Warm-Rain Initiation: An Overview of Microphysical Mechanisms

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  • 1 Cloud and Precipitation Research, Illinois Slate Water Survey, Champaign, Illinois
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Abstract

Rain triggering mechanisms are evaluated in three microphysical steps: droplet activation on cloud condensation nuclei, droplet growth by condensation, and droplet growth by coalescence. Although considerable progress has been made since the pioneering work of Squires, crucial questions in each of the above steps remain unresolved: Under what conditions do giant particles trigger rain by acting as coalescence nuclei? What is the contribution of stochastic condensation to the growth of large droplets in regions of entrainment? What are the collection efficiencies for droplet sizes critical to the onset of colaescence growth? Such questions cannot be answered without better observations. Aircraft instruments are becoming available with the potential to measure the very largest particles and cloud droplets at the concentration of raindrops. Recent advances in sampling and analysis techniques have extended observations of cloud microstructure to smaller scales, providing new insight on the growth of droplets by mixing. Continued progress in laboratory research should furnish collection efficiencies for the droplets sizes critical to warm-rain initiation. With such improved observations, careful evaluations using available microphysical and dynamical models should provide answers to key questions about warm-rain initiation.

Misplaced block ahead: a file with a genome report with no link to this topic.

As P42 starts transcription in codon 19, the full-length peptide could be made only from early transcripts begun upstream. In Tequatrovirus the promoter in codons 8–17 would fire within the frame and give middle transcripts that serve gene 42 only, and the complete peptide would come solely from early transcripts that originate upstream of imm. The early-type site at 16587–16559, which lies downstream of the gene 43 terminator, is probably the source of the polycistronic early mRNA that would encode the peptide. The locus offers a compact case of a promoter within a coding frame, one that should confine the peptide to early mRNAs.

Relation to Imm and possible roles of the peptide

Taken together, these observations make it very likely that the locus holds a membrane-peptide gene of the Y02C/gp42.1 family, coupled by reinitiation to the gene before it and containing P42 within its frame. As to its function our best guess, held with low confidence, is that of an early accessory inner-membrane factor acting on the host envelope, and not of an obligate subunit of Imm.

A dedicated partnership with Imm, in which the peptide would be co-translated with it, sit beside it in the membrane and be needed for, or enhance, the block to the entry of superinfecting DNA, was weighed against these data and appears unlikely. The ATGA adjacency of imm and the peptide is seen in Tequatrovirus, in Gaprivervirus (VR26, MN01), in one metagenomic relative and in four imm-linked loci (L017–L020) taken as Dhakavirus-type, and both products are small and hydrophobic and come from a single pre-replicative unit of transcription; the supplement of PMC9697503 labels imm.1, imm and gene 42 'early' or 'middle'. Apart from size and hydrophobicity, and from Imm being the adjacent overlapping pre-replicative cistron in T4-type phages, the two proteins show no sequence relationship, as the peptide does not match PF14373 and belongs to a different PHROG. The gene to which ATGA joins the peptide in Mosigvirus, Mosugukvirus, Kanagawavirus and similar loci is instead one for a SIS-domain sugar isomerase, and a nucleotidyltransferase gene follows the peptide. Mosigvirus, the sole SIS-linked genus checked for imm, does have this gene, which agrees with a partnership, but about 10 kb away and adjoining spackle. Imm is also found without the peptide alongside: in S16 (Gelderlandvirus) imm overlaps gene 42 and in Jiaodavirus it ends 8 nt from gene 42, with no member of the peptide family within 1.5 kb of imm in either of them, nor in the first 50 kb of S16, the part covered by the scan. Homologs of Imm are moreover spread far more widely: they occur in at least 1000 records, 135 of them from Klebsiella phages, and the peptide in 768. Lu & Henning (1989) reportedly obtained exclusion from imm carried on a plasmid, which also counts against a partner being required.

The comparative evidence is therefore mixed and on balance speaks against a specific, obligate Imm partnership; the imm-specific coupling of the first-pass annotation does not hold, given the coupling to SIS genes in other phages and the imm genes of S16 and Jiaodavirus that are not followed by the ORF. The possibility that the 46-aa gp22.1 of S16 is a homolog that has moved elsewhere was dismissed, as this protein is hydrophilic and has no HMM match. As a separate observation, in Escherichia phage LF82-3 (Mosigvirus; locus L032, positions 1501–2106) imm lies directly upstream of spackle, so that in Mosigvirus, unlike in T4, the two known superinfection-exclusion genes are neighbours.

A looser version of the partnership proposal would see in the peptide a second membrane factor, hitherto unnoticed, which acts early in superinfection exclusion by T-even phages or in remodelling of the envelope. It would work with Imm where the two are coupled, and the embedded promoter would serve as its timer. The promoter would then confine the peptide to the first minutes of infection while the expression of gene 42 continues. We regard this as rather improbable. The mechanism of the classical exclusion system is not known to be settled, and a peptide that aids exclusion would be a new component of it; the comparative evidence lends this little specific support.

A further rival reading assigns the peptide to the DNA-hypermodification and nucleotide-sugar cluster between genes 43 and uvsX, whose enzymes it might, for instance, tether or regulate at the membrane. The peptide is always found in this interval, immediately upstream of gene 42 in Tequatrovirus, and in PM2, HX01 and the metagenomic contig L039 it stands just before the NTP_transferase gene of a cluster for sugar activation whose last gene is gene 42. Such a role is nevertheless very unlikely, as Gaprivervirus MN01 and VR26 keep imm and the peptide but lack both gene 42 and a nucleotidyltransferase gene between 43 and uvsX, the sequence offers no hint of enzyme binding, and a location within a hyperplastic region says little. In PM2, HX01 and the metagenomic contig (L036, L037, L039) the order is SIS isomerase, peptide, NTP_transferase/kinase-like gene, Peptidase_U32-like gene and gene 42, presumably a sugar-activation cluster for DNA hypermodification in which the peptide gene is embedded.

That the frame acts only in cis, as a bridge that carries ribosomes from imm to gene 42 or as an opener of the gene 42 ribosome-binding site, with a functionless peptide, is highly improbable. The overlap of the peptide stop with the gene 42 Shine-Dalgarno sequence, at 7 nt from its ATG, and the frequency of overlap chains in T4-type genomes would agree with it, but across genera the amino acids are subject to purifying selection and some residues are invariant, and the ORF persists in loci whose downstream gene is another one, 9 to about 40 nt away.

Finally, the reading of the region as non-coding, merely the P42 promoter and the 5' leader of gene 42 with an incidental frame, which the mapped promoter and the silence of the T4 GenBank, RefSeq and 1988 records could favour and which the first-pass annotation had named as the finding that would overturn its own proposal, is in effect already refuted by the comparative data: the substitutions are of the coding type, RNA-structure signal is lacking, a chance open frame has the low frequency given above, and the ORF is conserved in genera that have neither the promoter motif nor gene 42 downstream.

Abstract

Rain triggering mechanisms are evaluated in three microphysical steps: droplet activation on cloud condensation nuclei, droplet growth by condensation, and droplet growth by coalescence. Although considerable progress has been made since the pioneering work of Squires, crucial questions in each of the above steps remain unresolved: Under what conditions do giant particles trigger rain by acting as coalescence nuclei? What is the contribution of stochastic condensation to the growth of large droplets in regions of entrainment? What are the collection efficiencies for droplet sizes critical to the onset of colaescence growth? Such questions cannot be answered without better observations. Aircraft instruments are becoming available with the potential to measure the very largest particles and cloud droplets at the concentration of raindrops. Recent advances in sampling and analysis techniques have extended observations of cloud microstructure to smaller scales, providing new insight on the growth of droplets by mixing. Continued progress in laboratory research should furnish collection efficiencies for the droplets sizes critical to warm-rain initiation. With such improved observations, careful evaluations using available microphysical and dynamical models should provide answers to key questions about warm-rain initiation.

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